When first I got a Gravity Blanket to test out, I had big plans for turning it into a scientific experiment.
I would wear an Apple Watch, I reasoned, to test how my heart rate responded to a weighted blanket. I planned to take notes about my mood and stress levels to measure whether the blanket could actually relax my central nervous system and calm me down.
The problem is, I kept falling asleep.
For anyone who hasn’t heard of the Gravity Blanket or weighted blankets in general, think of it like a Thundershirt for humans. The concept behind weighted blankets is that lying underneath constant and evenly distributed pressure will produce a calming and relaxing effect. Studies have shown that weighted vests or blankets can also help those with autism spectrum disorders, ADHD, high anxiety, or insomnia.
But at the most basic level, weighted blankets mostly just feel like a gentle hug.
Gravity’s version of the weighted blanket began as a Kickstarter project in 2017. Gravity raised more than $4.7 million from nearly 24,000 backers to create a plush, single-person blanket that weighs up to 25 pounds.
Now, Gravity says it’s sold more than 60,000 weighted blankets, resulting in $15 million in sales. Gravity has now expanded its product lineup to include a weighted sleep mask, a cooling blanket for those who “sleep hot,” and more.
I had the chance to test out the original $250 Gravity Blanket and the $30 weighted mask for a few weeks. I offered them up to friends, coworkers, and anyone who was willing to sit with a 20-pound blanket on top of them. For some people, the experience felt strange and uncomfortable. Others described it as “womb-like.”
Me? I had some of the best naps of my life.
The first and most important thing you need to know about the Gravity Blanket is that it comes in varying weights. The right blanket for you depends on your size, since it should be equivalent to about 10% of your body weight.
Not realizing that, I went with the 20-pound blanket and after a few weeks of testing, found it to be slightly too heavy for me. For most adults, 20 pounds doesn’t seem like that much, but it can be overwhelming when you’re lying underneath it (or trying to schlep it home on the subway).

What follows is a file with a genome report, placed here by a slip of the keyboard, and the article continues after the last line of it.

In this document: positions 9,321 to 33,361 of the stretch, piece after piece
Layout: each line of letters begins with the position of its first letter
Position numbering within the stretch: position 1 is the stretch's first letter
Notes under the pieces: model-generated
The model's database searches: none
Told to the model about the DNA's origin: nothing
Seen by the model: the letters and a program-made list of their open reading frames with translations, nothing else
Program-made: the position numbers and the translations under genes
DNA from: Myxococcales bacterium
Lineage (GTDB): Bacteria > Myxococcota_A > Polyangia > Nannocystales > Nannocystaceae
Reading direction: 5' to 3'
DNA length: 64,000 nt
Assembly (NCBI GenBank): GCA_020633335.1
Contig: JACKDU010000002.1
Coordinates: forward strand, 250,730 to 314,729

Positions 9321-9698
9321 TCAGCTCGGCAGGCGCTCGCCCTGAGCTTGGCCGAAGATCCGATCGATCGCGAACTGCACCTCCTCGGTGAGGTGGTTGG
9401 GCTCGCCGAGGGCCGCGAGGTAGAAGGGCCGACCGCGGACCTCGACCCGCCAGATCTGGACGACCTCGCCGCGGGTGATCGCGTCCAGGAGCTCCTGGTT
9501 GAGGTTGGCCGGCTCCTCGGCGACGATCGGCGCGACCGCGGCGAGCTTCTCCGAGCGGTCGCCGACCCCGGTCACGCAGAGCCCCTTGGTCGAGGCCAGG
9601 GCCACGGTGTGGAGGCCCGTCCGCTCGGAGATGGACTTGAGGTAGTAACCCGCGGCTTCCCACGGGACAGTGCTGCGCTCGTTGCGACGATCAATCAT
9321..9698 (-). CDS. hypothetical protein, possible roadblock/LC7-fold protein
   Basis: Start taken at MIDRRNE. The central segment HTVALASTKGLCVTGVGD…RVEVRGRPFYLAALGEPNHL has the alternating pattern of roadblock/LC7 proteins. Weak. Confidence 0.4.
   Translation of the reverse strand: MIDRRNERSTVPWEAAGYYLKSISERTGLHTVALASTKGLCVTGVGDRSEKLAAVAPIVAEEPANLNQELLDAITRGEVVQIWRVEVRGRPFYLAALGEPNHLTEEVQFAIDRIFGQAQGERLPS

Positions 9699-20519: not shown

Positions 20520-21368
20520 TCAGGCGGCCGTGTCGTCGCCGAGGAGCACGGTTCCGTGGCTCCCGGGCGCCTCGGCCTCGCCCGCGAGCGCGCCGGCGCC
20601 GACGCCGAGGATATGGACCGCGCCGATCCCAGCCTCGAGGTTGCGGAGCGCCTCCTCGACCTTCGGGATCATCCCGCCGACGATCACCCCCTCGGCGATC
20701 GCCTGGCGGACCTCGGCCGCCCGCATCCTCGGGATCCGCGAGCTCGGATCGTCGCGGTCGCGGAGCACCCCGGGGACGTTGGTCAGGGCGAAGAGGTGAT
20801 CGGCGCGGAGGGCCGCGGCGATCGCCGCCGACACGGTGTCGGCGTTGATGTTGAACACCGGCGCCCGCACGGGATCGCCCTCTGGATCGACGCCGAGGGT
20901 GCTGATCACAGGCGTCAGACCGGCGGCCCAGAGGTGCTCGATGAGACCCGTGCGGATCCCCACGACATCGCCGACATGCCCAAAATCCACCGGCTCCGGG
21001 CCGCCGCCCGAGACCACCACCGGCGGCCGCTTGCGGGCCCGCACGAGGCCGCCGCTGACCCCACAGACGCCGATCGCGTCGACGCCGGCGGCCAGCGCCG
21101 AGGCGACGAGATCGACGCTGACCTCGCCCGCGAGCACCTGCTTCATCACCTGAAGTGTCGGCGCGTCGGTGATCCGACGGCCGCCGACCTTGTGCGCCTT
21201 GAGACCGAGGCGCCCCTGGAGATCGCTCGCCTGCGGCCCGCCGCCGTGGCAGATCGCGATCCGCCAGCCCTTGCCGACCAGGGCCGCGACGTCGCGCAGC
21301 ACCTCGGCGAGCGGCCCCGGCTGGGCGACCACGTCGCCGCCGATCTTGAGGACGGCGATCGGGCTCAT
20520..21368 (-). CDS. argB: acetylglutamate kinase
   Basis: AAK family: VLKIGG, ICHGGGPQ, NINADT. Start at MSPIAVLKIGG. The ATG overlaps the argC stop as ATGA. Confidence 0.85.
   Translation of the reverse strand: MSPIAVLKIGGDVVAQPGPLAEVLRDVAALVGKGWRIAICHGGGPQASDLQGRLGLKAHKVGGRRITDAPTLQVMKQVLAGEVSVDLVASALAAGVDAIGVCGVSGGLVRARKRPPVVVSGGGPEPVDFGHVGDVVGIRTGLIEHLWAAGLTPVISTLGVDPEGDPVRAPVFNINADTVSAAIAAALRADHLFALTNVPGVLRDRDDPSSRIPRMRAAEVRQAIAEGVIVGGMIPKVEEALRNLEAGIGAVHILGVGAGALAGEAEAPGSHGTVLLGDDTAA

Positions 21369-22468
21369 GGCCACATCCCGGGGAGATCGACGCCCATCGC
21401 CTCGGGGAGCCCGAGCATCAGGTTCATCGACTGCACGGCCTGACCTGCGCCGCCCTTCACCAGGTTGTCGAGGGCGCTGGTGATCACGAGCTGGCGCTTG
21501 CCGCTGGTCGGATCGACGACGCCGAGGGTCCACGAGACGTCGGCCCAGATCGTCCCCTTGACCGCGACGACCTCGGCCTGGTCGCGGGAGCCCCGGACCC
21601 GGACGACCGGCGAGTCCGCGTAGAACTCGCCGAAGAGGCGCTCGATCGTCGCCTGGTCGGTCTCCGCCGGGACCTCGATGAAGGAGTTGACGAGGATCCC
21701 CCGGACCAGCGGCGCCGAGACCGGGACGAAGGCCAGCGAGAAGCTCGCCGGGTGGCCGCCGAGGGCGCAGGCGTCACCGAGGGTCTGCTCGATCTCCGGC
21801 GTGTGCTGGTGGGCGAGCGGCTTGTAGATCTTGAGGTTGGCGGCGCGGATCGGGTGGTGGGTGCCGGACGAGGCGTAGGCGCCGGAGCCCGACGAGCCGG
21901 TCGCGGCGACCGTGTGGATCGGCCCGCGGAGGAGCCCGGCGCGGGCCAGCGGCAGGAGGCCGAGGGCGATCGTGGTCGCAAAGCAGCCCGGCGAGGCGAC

The other thing to know about the blanket is that it’s not the size of a full comforter or duvet, and it’s not really meant to be shared. It won’t replace your bedding — unless maybe you sleep in a twin bed — and it won’t cover both you and a partner at the same time.
Plus, at $250, it’s one very pricey blanket.
All that aside, I was curious to see if a seemingly simple — albeit heavy — blanket would have the same effect that is usually found with pharmaceuticals or meditation. Could it really reduce stress and anxiety? Could it help me sleep?
I decided to offer up the Gravity Blanket to friends, my boyfriend, and coworkers. Let’s just say that reactions were … mixed.
“It feels like an animal is laying on you,” one person said.
“I feel relaxed!” another told me. “But maybe it’s just a placebo effect?”
A friend came over to my house to try it and informed me that the Gravity Blanket made him feel like he “was in the womb.”
“I … am …. so … content,” he drowsily told me.
But for me, testing a Gravity Blanket was like taking a sleeping pill.
I’m not someone who typically has a hard time falling or staying asleep — actually, sleeping is one of my favorite pastimes. But I’m not much of a napper, and I have a hard time taking “power naps” or falling asleep when it’s still light out.
The Gravity Blanket changed all that.
Every time I went to go test the blanket, hoping to track how my heart rate changed or at least document how I was feeling, I passed right out. One night, I laid down with the blanket in the early evening and ended up sleeping under it all night. Another night, I used the blanket and sleep mask while in the throes of a migraine, hoping it might alleviate some of my symptoms — I slept for three hours and woke up with a much milder headache.
Here’s proof, kindly snapped by my boyfriend:
I haven’t been able to try the blanket yet without passing out within moments, but it seems as though I’ve been reaping the benefits of a weighted blanket, even while asleep. My mind usually races when I’m lying in bed, and I tend to stress about everything from what I’m going to wear the next day, to trips I have planned months from now. The Gravity Blanket seemed to calm my mind enough that I fell asleep instantly, time and again.
So while my tests certainly haven’t been scientific, I can definitely say the Gravity Blanket helps me feel calm, relaxed — and very, very sleepy.
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